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Beyond Air Quality, Global Food Supply Could Benefit from Climate Pact

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Tuesday, March 2, 2021   

MADISON, Wis. -- The United States recently rejoined the Paris climate agreement, a move that followed the Biden administration's immediate pledges to focus on reducing carbon emissions.

One expert said such efforts could provide a key benefit beyond air quality.

Kristie Ebi, professor of global health and environment at the University of Washington, said that's not only good for the environment; it could also help secure the world's food supply.

A changing climate means more heat waves and floods, but Ebi added rising carbon dioxide levels will also make food less nourishing.

"Experiments putting plants out under higher concentrations of carbon dioxide show that as we have even higher concentrations of carbon dioxide in the atmosphere, the nutritional density of major cereal crops declines," Ebi explained.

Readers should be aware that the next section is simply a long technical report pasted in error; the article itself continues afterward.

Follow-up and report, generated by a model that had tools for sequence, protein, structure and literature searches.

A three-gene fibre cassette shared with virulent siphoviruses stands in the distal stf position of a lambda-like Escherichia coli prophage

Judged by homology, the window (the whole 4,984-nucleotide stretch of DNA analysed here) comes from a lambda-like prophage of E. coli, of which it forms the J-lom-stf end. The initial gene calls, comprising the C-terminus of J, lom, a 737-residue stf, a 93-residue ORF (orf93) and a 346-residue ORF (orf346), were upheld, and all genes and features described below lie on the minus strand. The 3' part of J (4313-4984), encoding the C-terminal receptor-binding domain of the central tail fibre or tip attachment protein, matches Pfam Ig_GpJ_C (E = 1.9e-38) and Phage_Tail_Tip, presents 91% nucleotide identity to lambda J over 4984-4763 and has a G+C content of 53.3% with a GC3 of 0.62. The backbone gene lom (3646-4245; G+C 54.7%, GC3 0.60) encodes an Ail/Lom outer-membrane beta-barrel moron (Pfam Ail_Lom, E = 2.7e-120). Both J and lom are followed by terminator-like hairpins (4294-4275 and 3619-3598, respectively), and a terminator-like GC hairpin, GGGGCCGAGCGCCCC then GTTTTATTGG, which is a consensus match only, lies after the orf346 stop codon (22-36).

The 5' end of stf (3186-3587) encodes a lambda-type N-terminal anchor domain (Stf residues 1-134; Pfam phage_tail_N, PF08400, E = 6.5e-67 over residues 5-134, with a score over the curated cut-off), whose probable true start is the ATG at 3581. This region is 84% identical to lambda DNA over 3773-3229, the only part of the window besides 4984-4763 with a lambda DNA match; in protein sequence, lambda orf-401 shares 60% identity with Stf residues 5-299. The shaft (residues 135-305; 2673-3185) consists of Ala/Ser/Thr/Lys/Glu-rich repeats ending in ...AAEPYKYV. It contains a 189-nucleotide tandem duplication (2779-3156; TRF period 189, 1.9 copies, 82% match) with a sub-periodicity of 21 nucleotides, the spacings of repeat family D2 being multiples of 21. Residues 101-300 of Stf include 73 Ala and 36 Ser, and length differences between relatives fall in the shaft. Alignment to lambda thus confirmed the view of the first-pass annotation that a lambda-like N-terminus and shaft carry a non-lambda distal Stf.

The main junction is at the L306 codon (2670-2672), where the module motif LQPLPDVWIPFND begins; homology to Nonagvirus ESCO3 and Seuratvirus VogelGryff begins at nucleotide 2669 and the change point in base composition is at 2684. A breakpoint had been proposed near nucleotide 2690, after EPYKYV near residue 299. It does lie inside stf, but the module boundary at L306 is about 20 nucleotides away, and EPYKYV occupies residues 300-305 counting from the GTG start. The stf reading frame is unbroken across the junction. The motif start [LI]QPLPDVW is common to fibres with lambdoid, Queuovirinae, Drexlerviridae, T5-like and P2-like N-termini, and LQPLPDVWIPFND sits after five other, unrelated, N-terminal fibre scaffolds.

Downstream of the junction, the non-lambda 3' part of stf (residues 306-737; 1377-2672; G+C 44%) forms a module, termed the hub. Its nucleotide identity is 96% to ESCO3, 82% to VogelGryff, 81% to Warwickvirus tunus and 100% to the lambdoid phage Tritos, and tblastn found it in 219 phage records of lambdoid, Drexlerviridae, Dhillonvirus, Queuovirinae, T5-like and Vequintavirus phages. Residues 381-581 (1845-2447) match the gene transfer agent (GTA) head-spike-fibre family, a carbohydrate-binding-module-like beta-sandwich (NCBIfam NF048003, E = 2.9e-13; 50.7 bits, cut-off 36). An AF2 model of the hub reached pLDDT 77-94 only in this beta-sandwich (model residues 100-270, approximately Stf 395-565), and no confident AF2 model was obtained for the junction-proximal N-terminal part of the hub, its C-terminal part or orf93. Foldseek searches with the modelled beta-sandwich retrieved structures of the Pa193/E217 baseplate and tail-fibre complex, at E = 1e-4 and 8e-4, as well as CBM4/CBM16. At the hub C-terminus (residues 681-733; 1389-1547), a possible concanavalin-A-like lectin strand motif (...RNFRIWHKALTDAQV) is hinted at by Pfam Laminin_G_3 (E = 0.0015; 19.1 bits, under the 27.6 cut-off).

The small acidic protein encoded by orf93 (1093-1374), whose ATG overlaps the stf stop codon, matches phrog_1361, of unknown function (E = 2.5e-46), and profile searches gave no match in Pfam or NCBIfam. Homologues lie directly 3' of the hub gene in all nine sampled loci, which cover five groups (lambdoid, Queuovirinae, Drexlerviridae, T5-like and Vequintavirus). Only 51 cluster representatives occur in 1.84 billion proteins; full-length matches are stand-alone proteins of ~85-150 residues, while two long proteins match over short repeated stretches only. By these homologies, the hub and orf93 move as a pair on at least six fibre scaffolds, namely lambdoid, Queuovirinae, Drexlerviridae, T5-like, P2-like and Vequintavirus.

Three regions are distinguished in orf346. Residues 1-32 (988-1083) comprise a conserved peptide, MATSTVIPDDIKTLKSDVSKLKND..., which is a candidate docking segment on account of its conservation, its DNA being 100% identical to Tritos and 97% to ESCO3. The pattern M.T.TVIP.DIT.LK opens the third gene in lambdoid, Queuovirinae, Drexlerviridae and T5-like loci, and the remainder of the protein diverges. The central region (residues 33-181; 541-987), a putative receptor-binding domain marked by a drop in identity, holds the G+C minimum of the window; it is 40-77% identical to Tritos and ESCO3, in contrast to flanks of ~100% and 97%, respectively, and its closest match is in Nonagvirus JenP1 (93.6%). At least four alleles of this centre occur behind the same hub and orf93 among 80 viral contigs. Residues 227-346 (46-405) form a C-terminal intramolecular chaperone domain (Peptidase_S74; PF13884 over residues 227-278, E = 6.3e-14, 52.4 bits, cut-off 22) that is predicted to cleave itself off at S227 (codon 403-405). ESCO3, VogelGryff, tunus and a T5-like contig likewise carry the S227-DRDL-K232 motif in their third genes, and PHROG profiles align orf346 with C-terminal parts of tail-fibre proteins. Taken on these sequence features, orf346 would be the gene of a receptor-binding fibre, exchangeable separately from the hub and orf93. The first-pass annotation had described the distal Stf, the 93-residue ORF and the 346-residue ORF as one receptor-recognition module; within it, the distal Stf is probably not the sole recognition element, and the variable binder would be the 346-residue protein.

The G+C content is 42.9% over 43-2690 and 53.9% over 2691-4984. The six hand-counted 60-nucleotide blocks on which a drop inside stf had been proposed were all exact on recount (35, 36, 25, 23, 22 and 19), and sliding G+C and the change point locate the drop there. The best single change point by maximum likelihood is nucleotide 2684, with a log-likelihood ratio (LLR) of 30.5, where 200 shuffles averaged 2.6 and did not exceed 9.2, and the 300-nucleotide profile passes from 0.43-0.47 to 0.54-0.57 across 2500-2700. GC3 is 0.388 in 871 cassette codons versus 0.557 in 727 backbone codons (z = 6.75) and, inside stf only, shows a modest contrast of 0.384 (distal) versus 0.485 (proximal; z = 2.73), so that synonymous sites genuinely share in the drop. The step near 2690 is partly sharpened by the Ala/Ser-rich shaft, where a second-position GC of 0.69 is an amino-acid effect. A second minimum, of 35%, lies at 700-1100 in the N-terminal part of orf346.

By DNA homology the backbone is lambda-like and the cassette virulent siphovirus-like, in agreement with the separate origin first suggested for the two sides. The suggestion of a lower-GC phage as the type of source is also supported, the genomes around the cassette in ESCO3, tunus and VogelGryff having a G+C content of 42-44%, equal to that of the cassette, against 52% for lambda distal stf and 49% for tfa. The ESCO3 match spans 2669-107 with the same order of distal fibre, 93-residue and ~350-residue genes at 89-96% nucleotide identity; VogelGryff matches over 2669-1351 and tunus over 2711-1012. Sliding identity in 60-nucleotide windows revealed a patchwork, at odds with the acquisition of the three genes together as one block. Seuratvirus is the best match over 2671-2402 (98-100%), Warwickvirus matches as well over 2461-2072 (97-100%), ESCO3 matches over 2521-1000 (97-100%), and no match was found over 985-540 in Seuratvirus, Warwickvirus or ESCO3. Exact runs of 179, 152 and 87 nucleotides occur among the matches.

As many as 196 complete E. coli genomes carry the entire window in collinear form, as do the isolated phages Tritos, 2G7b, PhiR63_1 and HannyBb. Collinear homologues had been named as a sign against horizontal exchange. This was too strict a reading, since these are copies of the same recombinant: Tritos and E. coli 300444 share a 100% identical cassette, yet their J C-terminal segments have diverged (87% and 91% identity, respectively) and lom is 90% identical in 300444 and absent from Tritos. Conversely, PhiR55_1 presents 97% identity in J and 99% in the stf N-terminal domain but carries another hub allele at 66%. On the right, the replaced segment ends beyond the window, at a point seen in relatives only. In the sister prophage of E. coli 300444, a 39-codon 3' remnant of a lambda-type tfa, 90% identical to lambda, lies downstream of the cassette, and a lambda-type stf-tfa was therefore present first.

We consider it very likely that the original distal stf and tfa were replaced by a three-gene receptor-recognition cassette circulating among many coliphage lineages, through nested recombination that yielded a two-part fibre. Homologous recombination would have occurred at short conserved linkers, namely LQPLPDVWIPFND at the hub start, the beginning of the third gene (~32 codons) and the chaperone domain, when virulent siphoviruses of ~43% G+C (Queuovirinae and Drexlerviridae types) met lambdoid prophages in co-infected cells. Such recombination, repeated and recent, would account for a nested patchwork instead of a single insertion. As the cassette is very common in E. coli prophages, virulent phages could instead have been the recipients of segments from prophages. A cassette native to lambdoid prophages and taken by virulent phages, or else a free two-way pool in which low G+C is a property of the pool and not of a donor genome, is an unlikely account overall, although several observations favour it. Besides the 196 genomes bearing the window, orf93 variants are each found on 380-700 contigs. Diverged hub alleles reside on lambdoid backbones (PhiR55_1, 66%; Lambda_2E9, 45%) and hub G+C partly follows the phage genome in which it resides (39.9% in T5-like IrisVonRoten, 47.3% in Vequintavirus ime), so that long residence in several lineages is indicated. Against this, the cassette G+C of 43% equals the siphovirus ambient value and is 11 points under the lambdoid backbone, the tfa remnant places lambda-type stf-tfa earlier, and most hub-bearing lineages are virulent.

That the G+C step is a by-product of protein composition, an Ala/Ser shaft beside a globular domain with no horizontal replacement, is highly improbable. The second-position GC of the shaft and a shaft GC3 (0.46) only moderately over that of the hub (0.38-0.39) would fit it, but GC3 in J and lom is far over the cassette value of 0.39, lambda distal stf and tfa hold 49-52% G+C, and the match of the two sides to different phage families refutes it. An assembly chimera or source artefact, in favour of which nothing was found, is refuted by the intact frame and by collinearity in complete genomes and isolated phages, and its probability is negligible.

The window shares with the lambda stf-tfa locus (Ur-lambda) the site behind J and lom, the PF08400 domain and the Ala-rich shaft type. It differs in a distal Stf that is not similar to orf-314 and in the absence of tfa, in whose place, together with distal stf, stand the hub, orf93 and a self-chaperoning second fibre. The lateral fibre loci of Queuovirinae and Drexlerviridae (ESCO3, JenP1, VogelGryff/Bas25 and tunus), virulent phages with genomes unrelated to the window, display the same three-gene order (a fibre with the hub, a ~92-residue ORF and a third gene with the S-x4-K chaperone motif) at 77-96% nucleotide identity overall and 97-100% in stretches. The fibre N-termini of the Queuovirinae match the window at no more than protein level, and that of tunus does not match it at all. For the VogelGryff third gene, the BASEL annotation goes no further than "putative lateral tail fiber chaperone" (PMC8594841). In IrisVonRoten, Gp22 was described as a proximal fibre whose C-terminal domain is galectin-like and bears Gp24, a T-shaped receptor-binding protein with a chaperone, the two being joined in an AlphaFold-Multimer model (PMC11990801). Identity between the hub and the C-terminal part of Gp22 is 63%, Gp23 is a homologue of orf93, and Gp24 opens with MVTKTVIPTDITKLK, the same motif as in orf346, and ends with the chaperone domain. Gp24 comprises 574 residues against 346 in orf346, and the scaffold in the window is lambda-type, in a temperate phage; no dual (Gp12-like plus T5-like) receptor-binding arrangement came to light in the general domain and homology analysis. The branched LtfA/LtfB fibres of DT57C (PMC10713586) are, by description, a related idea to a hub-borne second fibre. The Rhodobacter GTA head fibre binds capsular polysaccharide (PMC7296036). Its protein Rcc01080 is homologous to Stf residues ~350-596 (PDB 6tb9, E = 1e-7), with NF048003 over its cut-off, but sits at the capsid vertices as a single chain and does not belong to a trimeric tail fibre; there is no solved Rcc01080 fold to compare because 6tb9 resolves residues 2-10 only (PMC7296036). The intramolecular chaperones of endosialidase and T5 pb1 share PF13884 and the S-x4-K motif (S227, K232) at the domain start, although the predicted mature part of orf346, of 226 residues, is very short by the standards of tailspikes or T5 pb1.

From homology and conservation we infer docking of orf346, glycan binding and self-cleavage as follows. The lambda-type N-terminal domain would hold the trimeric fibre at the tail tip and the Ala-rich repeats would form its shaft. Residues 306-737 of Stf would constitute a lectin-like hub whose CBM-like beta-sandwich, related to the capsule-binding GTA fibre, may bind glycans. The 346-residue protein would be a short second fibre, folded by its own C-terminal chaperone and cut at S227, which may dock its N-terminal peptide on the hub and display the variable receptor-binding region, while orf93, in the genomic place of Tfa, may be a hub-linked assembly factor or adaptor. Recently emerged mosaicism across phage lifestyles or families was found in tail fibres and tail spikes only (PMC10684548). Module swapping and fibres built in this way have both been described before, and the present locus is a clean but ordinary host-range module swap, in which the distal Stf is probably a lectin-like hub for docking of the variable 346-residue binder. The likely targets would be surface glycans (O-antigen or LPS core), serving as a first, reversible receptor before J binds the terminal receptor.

Ebi noted the studies were done on wheat and rice, the crops that provide the largest proportion of calories around the world.

The warming climate will also affect crop yields. About 9% of the global population is food insecure.

In Wisconsin, various government agencies and environmental groups have sounded the alarm on extreme weather events and their effect on agriculture.

Ebi pointed out with the U.S. rejoining the Paris Agreement, federal agencies such as the Department of Agriculture can focus on climate change again.

"[It] will provide the support, human and financial resources, that are needed for the U.S. to understand the magnitude and pattern of shifts and to identify approaches to protect our own citizens, as well as citizens in other countries," Ebi contended.

Historically, the U.S. is responsible for a quarter of the world's carbon dioxide emissions.

Ebi emphasized organizations are researching how to make crops more resilient to climate change, but more needs to be done.

"There's lots of opportunity for innovation in this space to start thinking of how we can organize our agricultural sector a bit differently so it produces fewer greenhouse gases and the food that's produced is of higher quality," Ebi concluded.


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